How to Use Controlled Vocabularies More Effectively in Online Searching

By Bates, Marcia J. | Online, November 1988 | Go to article overview

How to Use Controlled Vocabularies More Effectively in Online Searching


Bates, Marcia J., Online


INTRODUCTION

We have long recognized that powerful retrieval in online searching can be gained through the combined use of natural language and controlled vocabularies. The idea of a "controlled vocabulary," however, does not represent a single theory or approach to indexing or classification. There are actually many types of controlled vocabularies in databases. Often a single database will contain several types. Effective use of these vocabularies requires a strategic understanding of which types of classification and indexing are involved, and taking advantage of the particular mix of vocabularies in a given database to achieve optimum retrieval.

Most database controlled vocabularies date from the days when the databases were print products only, and represent a variety of theories on indexing and classification. In this article I will first describe and explain seven common types of subject vocabularies in databases. Secondly, 1will describe some specific search techniques for taking advantage of the strengths of particular types of vocabularies. Finally, I will suggest an overall strategy for identifying and using vocabulary types when approaching a new database.

SPECTRUM OF APPROACHES TO SUBJECT DESCRIPTION

Seven Types of Subject Description. Figure I lists seven major types of subject description that can be found in online and CD-ROM databases today. For convenience of discussion, these types are arrayed from broad to specific, that is, typical terms or categories in types that appear higher in the list are broader, more general, than typical terms or categories in types that are lower in the list. For example, a typical category in the NTIS classification, a hierarchical classification, may be an entire academic discipline, such as geography or civil engineering, while a typical descriptor in a science thesaurus might be a particular metal alloy or a chemical compound.

Note that there exists a very large number of types of controlled vocabularies: in fact, almost every specific vocabulary has some unique features. With some particular vocabularies, therefore, the order of types in Figure 1 would be different. I am grouping and generalizing types for the sake of simplifying our discussion of what is, in fact, a very complex topic. Furthermore, some people would be uncomfortable with the idea of calling classification categories "vocabulary." We will use that term here to promote our understanding of the full array of subject approaches to information in databases.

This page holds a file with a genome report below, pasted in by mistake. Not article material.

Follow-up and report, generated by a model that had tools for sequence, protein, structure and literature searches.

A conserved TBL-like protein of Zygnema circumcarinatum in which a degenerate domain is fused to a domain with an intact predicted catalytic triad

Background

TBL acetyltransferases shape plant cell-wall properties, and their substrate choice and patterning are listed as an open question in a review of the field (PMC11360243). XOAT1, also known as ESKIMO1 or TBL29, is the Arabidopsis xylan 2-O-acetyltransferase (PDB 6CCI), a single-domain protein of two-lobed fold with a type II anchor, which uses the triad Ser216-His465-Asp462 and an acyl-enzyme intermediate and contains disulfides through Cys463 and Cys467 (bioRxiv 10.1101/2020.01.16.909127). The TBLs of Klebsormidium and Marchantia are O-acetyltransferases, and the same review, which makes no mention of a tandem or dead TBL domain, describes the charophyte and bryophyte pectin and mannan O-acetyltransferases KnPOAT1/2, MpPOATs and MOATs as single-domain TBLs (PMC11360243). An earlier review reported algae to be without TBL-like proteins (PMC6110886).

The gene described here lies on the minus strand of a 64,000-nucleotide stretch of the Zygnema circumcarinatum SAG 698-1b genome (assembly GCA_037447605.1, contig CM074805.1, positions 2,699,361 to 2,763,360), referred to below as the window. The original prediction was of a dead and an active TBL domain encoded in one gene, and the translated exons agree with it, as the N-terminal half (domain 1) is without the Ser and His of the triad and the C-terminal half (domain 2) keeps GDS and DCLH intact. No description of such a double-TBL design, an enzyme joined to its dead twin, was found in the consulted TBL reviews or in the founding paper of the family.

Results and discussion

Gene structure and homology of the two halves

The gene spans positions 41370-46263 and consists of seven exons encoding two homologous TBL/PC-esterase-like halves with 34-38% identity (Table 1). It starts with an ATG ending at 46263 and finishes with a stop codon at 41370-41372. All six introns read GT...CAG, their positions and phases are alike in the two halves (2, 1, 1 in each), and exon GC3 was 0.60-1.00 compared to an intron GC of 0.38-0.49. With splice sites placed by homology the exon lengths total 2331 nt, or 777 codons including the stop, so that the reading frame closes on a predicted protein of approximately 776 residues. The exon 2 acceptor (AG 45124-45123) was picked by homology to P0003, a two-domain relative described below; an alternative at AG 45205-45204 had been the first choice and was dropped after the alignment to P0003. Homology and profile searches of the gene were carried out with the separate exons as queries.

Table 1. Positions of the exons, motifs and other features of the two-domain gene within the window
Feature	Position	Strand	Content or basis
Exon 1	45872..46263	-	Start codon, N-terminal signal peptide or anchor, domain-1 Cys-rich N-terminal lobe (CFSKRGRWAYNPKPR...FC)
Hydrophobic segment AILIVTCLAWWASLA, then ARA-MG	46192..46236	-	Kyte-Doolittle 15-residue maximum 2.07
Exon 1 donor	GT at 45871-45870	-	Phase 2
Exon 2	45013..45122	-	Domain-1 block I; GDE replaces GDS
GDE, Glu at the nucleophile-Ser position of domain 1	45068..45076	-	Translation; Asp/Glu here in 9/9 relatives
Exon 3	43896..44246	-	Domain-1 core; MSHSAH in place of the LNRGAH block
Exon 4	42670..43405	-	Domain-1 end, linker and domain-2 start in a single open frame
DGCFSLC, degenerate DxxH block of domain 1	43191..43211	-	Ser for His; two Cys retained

Controlled Vocabulary and Natural Language. The top six types of vocabulary in the list can all be considered forms of controlled vocabulary, while the last, naturallanguage, is uncontrolled. For our purposes here, "natural language" refers to the text in the record as prepared by the original writer of the document or abstract. Such text follows the rules only of ordinary, "natural," speaking and writing; it is not an artificial language designed just for information retrieval.

"Controlled vocabulary" refers to index terms or classification codes that have been created to provide consistent and orderly description of the contents of documents or records. Such vocabulary may be "controlled" in one or more of several ways:

* by limiting many of the normal linguistic variations in natural language (regulating whether terms appear in singular or plural, permitting only certain verb endings, etc.)

* by regulating the word order and structure of phrases, and

* by cutting down the number of synonyms or near-synonyms so that only one way of describing a given topic is allowed in the vocabulary.

In addition, aids to indexers and searchers may be provided in the form of crossreferences between terms and scope notes defining terms closely. (Still other features, to be described below, can be found in classifications.) Typically, with a controlled vocabulary, a list or thesaurus of allowable terms or categories is developed, and both indexers and searchers consult that list when using controlled vocabulary. …

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